The Q&A Archives: Compost

Question: I want to make my own compost. How can I do this? What materials will I need to build a compost bin?

Answer: I love composting, because there really is no "proper" way--no matter what you do, eventually everything will turn into compost. To speed the process along, you need four ingredients: carbon (browns), such as leaves, straw, shredded paper, woody prunings from the landscape; nitrogen (greens), such as grass clippings, kitchen fruit and veggie scraps, fresh clippings from the landscape, manure; water, and oxygen. An easy way to start out is to mix the carbons and nitrogens in about a 50/50 ratio. As you construct the pile, sprinkle it with water from your hose. The ingredients should be as wet as a damp sponge. Don't try to make the pile and then water it all down from the top. The water finds paths to pour through out the bottom! The pile should be at least 3 feet by 3 feet by 3 feet (1 cubic yard) to have enough mass to insulate and retain heat. As the microorganisms that are doing the decomposing die off, they release heat. When the pile cools, they've probably run out of oxygen, which is where turning the piles frequently comes in. The more turning and reapplying of moisture, the more quickly the materials will decompose. On the other hand, you can construct a good pile and then just let it sit. It will decompose, but take 6-8 months. Hint: the smaller the ingredients, the faster they will decompose. This is just a quick outline to get you started. For more info, a great book is "Let it Rot" by Stu Campbell and it's usually available at libraries and bookstores. Enjoy your composting!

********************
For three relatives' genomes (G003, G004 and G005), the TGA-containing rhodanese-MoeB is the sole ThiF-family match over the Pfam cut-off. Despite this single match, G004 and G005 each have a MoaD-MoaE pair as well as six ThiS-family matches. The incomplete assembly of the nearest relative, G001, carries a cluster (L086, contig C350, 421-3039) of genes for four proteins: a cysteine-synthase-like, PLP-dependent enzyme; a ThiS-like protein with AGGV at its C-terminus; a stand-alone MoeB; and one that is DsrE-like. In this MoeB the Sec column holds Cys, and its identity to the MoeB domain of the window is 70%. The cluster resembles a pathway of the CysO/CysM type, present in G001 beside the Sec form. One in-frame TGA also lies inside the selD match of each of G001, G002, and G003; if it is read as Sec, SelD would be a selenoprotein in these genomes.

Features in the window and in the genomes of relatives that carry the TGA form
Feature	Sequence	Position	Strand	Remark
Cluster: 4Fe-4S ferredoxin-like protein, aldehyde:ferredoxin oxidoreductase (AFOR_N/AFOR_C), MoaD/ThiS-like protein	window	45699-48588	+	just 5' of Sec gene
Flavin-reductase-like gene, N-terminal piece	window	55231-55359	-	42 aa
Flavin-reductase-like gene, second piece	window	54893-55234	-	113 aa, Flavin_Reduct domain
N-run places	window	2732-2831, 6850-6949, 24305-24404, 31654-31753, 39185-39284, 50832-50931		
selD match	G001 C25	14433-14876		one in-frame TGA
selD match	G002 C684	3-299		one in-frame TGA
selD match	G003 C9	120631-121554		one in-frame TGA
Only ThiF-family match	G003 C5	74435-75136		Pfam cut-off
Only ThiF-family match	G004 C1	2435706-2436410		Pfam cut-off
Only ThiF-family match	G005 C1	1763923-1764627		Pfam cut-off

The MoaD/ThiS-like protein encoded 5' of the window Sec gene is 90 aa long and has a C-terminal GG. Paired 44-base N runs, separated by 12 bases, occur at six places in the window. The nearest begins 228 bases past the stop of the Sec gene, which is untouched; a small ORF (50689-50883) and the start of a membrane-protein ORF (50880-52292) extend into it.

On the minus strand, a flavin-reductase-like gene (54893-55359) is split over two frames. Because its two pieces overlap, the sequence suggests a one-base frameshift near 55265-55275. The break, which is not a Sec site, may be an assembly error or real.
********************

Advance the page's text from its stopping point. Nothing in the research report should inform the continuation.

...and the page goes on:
« Click to go to the homepage

» Ask a question of your own

Q&A Library Searching Tips

  • When singular and plural spellings differ, as in peony and peonies, try both.
  • Search terms are not case sensitive.

Today's site banner is by mcash70 and is called "Moss on a log"